Feast of St. Augustine
August 29, 2016
Augustine of Hippo, 354-430
Inventor of the “self”
Father of Western civilization
… theological companion or better, wrestling partner…
In the spring semester,Tony, Scott, Jane and some highly advanced students tackled and subdued the City of God.
During the past three days I have been reflecting on my own travels with Augustine, from college, graduate school courses and teaching, and I found the Henry Chadwick translation of the Confessions with the turned over corners and the lines about memory, passion, death, love, and loss underlined with blue fountain pen.
I have been recalling …teachers who interpreted Augustine to me, at Williams College, Binks Little, Mark Taylor, and at Harvard, Richard Neibuhr, Francis Fiorenza, Margaret Miles.
I have begun to read Margaret Miles’ memoir, Augustine and the Fundamentalist’s Daughter that tells her intellectual and psychic story as engagement with Augustine’s Confessions from her twenties through to her seventies.
The Confessions has resonated in me from my first reading of it-its passion, the direct address to God, the prose woven with quotations, allusions to scripture many of which I would never have recognized at first (but that the Penguin edition kindly cited for me). Most of them now I hope I would know…
- Of all the contributions of Augustine to our theological tradition, there is one that I want to hold up and celebrate for us on this second week of classes during the semester… homework… schedule… assignments…. already some meltdowns….
The life transforming capacity of reading.
Augustine expected reading to be a powerful life changing experience. He gives account of his own life altering moments of reading.
Reading Cicero when he was 16 years old:
“It was this book which altered my way of feeling, turned my prayers to you, Lord, yourself, and gave me different ambitions and desires… What moved me was not the style but the matter. I was on fire, then, my God, I was on fire to leave earthly things behind and fly back to you. III.4
He tells about his colleague’s Ponticianus’s conversion by reading life of St Anthony:
“a direct conversation with the text in which Ponticianus allowed the text to evaluate and judge his life and point his way to a new life.”
To describe the intensity of reading, he uses the metaphor of birth
“He turned back to the book, troubled and perplexed by the new life to which he was giving birth. So he read on and his heart, where you saw it, was changed, and as soon appeared, his mind shook off the burden of the world. While he was reading and the waves in his heart rose and fell, there were times when he cried out against himself, and then he distinguished the better course and chose it for himself.”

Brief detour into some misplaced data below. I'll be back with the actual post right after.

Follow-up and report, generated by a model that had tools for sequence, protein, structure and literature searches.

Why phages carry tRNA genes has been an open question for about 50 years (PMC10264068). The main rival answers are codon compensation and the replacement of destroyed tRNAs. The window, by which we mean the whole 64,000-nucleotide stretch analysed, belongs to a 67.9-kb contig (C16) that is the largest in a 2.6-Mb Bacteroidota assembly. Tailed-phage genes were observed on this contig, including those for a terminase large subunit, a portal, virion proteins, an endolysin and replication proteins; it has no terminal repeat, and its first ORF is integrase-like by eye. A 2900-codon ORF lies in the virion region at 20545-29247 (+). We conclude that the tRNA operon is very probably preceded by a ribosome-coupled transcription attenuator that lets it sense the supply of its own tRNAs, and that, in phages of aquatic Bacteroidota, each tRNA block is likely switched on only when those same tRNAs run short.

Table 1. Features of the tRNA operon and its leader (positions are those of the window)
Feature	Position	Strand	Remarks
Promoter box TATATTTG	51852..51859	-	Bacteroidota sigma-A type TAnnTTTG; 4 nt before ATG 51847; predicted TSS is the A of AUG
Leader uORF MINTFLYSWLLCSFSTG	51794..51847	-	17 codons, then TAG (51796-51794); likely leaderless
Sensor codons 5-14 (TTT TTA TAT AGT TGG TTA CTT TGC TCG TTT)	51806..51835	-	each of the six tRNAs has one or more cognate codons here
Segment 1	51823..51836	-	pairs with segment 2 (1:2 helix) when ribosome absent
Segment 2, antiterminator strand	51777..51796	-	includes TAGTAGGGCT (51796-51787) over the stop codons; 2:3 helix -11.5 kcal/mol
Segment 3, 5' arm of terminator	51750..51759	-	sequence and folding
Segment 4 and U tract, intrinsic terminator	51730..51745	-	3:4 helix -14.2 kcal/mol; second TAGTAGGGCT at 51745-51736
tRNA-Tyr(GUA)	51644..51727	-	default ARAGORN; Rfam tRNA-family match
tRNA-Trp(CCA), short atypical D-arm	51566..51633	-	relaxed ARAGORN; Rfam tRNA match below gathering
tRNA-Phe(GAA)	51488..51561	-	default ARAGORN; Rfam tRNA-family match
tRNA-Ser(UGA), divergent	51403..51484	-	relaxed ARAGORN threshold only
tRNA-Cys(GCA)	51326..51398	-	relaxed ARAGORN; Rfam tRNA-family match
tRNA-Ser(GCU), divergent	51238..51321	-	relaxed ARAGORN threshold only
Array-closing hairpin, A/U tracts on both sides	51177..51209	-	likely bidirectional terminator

At the moment of his own conversion, Augustine heard the words,
“Take, Read —“ …you know the story… he picked up the book where it was open and found the book of the Apostle— Paul in Romans these words…“Not in rioting and drunkenness, not in chambering and wantonness, not in strife and envying; but put ye on the Lord Jesus Christ and make not provision for the flesh to gratify its desires…”
He read more. He devoured Paul “greedily.” He read the Psalms:
“I poured out my heart to you… My God how I cried aloud to you in these psalms! How they fired me toward you! How I burned to utter them aloud.. I trembled with fear, then I was on fire with hope and excitement – all these emotions were shown in my eyes and in my voice and I listened and trembled – my I cried out as I read this with my outward eye and inwardly recognized its truth.. my heart cried out from the depths, as I read my heart became on fire.. my heart boiled…”
And at in the Confessions, nourished by reading, reading scripture, August wrote, he performed the hard labor of birthing the story of his life, his memoir, the Confessions, to the end that his writing might provoke others to read and might point the way to the truth, truth that alters lives.
III. There have been jokes about the reading assigned in classes at this seminary.
The Last Gathering, advice to a new student: “It’s only a lot of reading if you do it.”
Augustine’s life and work reminds us that in the Christian tradition we share, reading is a practice that can lead to conversion, that can birth new life.
Seminary formation is in part: Enforced, intentional reading. Deep reading, reading in community, full bodied reading. Reading with respect. Reading with charity. Reading with focused attention. (quite different from what passes for reading – distracted glancing at headlines and photos – “clicking” —)
And then there’s writing, the response to reading, the telling of a story, reflecting on the reading, seeing it in light of the story of God, seeing it as part of the story of God. Laboring to convey your thoughts, express your self, put insight and experience into form. (Claire Colombo and the Center for Writing and Creative Expression)
Here at theological seminary, Reading is a practice that is entered into and sustained in trust that the words participate, take part in, the Word, the Word that was made flesh and dwelled among us.
Now Jesus did many other signs in the presence of his disciples, which are not written in this book. But these are written so that you may come to believe that Jesus is the Messiah, the Son of God, and that through believing you may have life in his name.
On this feast of St Augustine, let us hear the words of God to him:
“Take, read,” and hear in those words the offer of refreshment, nourishment, new life, “Take, eat, this is my body that is given for you.”
Let us give thanks for the books with the turned down corners, underlining, the bibles with the highlights and notes in the margins, the tradition we go back to again and again and read our lives in their light. For Augustine and the teachers, past and present, and with them our ongoing abundant life.